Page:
The Vatican vs American Nuns


This week, the Church cracked down on the Leadership Conference of Women Religious, which represents 80% of American nuns. How Barbie Latza Nadeau frames the dispute: 

[Sister Beth Rindler of Detroit, who is part of the National Coalition of American Nuns as well as a member of the LCWR] believes the Vatican is focused on the American sisters because they tend to be more independent than their European, Latin American, and African colleagues. While nuns in the rest of the world still wear conservative habits and head covers, the majority of American nuns stopped the practice shortly after the Second Vatican Council reforms.

Many American nuns also live independently and reach high education levels—all while still serving the church. Rindler says she believes that the hierarchy in Rome is really worried that the American nuns will influence other sisters around the world. “That’s why the men in the Vatican want control, what they see as influence, we see as enlightenment,” she says, adding that some nuns are brainwashed into thinking they are lesser beings than their male counterparts. “What woman truly believes she is not equal to a man?”

I don't think the bishops will either ever forgive the nuns for backing universal healthcare as the highest priority rather than the control of women's contraception. Their witness to a balanced and sane Christianity put the cramped authoritarianism of Dolan et al in an unflattering light, and Dolan takes his orders from Rome. An example of the nuns' alleged "doctrinal problems":

In 2009, a woman arrived in the emergency room at St. Joseph’s hospital in Phoenix. She was twenty-seven years old, eleven weeks pregnant, and she was dying. Her heart was failing, and her doctors agreed that the only way to save her life was to end her pregnancy, and that her condition was too critical to move her to another, non-Catholic hospital. The member of the ethics committee who was on call was Sister Margaret McBride. She gave her approval, under the theory that termination of the pregnancy would be the result but not the purpose of the procedure. The woman, who had four small children, went home to them. When the Bishop Thomas Olmsted of Phoenix heard what happened, he excommunicated Sister Margaret on the spot. A Church that had been so protective of priests who deliberately hurt children—keeping them in its fold, sending them, as priests, to new assignments—couldn’t tolerate her. A spokesman for the diocese called her a party to “murder.”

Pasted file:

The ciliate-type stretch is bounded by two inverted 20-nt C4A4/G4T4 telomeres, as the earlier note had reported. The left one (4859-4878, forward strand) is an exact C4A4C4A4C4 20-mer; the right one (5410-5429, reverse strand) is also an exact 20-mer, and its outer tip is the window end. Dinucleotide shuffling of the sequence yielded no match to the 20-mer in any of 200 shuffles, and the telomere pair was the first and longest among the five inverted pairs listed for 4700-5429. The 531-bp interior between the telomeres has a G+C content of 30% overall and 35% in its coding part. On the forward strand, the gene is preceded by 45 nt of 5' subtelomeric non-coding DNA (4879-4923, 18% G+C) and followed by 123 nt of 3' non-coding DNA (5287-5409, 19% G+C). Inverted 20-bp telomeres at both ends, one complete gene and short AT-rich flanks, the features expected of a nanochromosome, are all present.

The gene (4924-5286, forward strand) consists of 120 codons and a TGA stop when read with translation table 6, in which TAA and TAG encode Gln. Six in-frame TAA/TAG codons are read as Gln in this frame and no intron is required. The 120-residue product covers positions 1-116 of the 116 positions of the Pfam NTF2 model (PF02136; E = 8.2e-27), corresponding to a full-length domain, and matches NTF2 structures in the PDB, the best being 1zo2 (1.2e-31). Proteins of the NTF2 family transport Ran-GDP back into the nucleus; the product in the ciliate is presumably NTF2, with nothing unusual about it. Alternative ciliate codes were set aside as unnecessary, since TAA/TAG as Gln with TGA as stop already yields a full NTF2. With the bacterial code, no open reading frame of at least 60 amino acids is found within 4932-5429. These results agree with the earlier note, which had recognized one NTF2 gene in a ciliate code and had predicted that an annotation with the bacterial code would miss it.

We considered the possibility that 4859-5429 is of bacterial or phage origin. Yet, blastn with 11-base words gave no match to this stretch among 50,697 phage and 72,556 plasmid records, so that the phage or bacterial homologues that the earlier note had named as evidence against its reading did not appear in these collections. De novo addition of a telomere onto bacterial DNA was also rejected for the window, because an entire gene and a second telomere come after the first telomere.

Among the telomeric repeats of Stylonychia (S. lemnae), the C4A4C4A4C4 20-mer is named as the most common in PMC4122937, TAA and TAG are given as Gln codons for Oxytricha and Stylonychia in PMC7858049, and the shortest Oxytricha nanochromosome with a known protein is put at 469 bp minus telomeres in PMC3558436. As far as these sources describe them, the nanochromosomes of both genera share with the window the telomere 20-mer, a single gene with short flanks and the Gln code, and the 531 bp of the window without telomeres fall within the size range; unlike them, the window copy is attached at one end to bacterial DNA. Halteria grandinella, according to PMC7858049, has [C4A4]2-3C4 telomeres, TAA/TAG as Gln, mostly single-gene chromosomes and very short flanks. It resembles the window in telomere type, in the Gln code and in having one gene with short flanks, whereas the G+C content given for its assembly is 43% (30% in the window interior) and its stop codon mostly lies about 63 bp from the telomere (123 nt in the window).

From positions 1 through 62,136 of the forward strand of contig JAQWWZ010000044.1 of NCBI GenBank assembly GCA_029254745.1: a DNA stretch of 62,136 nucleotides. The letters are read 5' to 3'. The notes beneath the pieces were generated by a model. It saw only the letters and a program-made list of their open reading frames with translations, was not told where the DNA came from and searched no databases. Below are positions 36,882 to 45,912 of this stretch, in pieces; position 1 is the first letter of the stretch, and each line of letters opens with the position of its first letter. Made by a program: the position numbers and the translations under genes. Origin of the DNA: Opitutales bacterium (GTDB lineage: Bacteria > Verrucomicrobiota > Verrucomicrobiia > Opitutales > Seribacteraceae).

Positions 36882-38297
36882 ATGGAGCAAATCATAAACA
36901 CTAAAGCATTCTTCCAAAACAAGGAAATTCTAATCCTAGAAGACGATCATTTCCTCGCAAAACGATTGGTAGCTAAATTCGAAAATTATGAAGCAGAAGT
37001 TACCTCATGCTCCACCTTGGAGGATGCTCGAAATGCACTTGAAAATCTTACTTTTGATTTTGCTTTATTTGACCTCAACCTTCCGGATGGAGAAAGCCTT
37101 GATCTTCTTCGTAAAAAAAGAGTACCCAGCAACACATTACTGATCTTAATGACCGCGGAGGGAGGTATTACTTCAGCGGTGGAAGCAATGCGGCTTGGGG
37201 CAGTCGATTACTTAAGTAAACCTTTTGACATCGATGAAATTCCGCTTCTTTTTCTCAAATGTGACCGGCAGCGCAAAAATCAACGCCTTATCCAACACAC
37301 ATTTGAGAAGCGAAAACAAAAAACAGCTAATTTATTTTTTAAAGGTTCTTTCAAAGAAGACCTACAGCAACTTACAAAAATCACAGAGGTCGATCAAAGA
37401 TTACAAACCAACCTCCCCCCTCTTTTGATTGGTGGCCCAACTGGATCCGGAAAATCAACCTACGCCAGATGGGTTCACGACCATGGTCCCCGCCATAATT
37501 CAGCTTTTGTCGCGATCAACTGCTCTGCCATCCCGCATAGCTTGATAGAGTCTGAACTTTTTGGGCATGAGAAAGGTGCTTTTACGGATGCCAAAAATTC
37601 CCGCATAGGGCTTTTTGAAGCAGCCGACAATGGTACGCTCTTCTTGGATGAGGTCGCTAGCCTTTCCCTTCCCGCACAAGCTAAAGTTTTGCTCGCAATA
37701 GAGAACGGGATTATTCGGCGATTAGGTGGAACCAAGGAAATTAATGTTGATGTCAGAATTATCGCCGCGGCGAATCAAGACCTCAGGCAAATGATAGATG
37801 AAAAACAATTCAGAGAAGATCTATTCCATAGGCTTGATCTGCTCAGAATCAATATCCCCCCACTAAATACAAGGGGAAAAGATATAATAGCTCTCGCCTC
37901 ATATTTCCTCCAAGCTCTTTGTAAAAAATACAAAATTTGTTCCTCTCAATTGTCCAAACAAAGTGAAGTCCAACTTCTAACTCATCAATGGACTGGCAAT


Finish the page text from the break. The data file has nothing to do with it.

Why the bishops might be scared:

American sisters do outnumber the priests, and it’s the women who have the troops, too – at schools and hospitals the bishops couldn’t close if they wanted to. The nuns no longer only empty the bed pans, you see, but now also own the institutions where they work. And you have to wonder whether that’s the real problem.

The timing is also politically suspect as the Vatican subtly tries to campaign against Obama's re-election:

Hard to believe it’s a coincidence that the Vatican moved to curb the nuns for implicit insubordination against the Bishops just as the USCCB announced a big summer series of protests for “religious liberty” keyed to categorical opposition to the Obama administration’s efforts to implement a contraception coverage mandate, particularly since LCWR has been notably willing to support compromise efforts and earlier supported the health reform legislation that authorized the mandate.

(Photo: A nun listens to Pope Benedict XVI address, from the window of his private apartments, pilgrims gathered in St. Peter's square at Vatican on March 11, 2012, to attend his sunday Angelus prayer. By Vincenzo Pinto/AFP/Getty Images)